We often read hard-to-believe headlines about government employee pay, but the recent story of San Francisco-area janitor appears to have gained the title of the most egregious abuse of taxpayer money by a public employee in recent history.
The janitor, who works for BART, the San Francisco Bay Area’s public transit system, pulled in more than $270,000 last year. His story went viral when a local news station caught him hiding in a utility closet for hours during his shift.
Beyond hiding in a closet and doing nothing several times over various shifts, records show that this janitor registered an eye-popping amount of overtime. A look at his time cards revealed a work schedule that few would believe: BART paid this janitor for working every single day in 2015.
When BART’s Chief Transportation Office Roy Aguilera was asked about this janitor’s case, his response suggested that this janitor never refuses extra work and picks up the overtime that he’s offered.
The same local news investigation revealed that “49 other BART janitors who have earned more than $100,000 in 2015,” and that the public agency hasn’t investigated anyone, including this viral janitor.
The median salary for a janitor in the United States is $23,440, or less than a tenth of what this infamous San Francisco janitor made in 2015.
Also, this now-famous handsomely paid employee receives extremely generous benefits and a pension that the vast majority of janitors would dream of having. In many cases, pensions are calibrated using the last few years of compensation before retiring. This practice among public employees is known as “salary spiking,” and leaves taxpayers on the hook for billions of dollars.
Therefore, this very hides-in-a-closet janitor could be positioning himself for an amazing pension, at the expense of regular commuting taxpayers, who will have to fund said pension for the rest of his life.
This case paints a very unflattering picture of a taxpayer-funded regional transportation authority and how they’re using the public’s money. Unfortunately, this has become the norm in many parts of the country
In fact, many public transportation systems across the country regularly deal with striking employees who demand more and more benefits. These union-backed strikes can paralyze a city’s critical transportation network for days, as the public employees demand more.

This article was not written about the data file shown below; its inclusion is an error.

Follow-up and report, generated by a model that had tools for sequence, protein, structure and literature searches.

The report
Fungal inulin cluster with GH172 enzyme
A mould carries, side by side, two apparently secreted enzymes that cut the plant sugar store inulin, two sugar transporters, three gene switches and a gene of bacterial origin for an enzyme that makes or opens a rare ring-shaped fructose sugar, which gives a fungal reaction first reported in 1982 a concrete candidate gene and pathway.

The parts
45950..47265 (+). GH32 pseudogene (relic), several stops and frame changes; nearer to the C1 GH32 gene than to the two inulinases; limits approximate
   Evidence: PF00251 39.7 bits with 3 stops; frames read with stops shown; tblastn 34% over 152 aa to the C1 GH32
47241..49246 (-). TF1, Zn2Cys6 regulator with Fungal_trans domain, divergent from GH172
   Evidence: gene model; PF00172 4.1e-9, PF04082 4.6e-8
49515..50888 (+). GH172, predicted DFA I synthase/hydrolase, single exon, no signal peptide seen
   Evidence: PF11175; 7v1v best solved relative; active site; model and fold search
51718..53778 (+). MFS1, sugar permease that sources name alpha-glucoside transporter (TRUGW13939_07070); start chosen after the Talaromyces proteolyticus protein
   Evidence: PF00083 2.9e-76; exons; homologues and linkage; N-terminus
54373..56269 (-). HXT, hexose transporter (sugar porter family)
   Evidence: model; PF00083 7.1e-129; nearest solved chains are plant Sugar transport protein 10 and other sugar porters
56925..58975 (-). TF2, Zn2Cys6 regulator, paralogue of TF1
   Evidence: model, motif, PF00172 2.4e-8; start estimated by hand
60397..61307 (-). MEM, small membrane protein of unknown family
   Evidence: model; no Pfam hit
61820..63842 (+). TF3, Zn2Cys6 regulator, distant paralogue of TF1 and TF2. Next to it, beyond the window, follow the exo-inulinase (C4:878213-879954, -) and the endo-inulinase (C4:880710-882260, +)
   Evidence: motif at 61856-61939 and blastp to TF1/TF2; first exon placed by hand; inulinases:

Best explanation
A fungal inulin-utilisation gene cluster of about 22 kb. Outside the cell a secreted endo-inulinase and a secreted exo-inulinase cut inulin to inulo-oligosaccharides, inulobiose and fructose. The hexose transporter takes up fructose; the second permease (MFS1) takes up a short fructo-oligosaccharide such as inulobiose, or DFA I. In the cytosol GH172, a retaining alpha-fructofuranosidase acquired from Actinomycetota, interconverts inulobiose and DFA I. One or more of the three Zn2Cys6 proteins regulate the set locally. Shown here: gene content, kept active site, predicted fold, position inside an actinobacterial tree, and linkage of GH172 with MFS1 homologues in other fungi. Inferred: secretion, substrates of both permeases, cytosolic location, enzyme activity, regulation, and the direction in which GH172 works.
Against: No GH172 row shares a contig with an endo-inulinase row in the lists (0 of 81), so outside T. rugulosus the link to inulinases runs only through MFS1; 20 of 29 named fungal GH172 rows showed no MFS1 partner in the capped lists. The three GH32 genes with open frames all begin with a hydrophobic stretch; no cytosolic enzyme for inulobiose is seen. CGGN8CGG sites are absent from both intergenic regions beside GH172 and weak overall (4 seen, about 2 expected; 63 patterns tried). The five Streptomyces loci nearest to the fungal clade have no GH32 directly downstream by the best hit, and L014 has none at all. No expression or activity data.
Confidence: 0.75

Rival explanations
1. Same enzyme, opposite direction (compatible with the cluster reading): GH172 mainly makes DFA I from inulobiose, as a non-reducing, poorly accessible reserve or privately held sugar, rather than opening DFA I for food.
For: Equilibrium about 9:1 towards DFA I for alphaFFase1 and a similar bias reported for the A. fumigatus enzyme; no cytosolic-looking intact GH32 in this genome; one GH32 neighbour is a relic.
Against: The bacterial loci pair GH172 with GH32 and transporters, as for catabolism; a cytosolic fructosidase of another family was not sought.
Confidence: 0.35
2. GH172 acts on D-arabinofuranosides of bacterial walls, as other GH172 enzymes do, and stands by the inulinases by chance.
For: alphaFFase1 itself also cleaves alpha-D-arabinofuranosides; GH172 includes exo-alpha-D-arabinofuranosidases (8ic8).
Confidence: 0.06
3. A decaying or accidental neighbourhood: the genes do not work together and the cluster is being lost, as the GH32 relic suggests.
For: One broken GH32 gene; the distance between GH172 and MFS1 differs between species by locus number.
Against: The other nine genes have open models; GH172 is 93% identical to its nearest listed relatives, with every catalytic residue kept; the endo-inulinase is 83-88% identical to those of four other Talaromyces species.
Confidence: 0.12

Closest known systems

Far too often, obscene pay is a problem for all levels of employees working for public transport systems in America. For example, the D.C. metro is falling apart and been repeatedly deemed unsafe, but top management still regularly awards themselves crazy compensation for a “job well done.”
Over in New York City, 25 percent of MTA employees had salaries in the six figures, often because of overtime. Also in the New York area, the average pay for an Long Island Rail Road employee was more than $100,000 back in 2014, and continues to rise because of constant union demands.
Back in California, where the six-figure janitor is likely once again hiding in his utility closet, we see a similar situation. BART employees have held several strikes, although their employees earn an average salary of $71,000 per year, plus $11,000 in overtime pay. Not surprisingly, relatively few people sympathize with BART employees when they strike for higher wages.
It doesn’t take a rocket scientist to understand that someone has to absorb these costs. Unfortunately, it’s often commuters, many of which are of limited means who suffer the most under cost increases.
Our nation’s public transport infrastructure is crumbling, and is in desperate need of serious investment. Having deficient transportation systems hurts all Americans, especially the working poor. Instead of squandering money on insane salaries for public employees, we should be investing in our critical transportation infrastructure.
Infrastructure is the backbone of American life. While public employees deserve fair pay, trends around the country clearly show that the average taxpayer is paying for government incompetence and waste.
This article was originally published on GenFKD.org
Photo by 陈霆, Ting Chen, Wing
David is the Editor of Bold. He's especially passionate about millennial economic empowerment. A former local news reporter, David is originally from the Little Havana area in Miami, and later became a pioneer resident of the Disney-inspired town of Celebration, Florida. David holds a Master’s in Public Policy from the Harvard Kennedy School.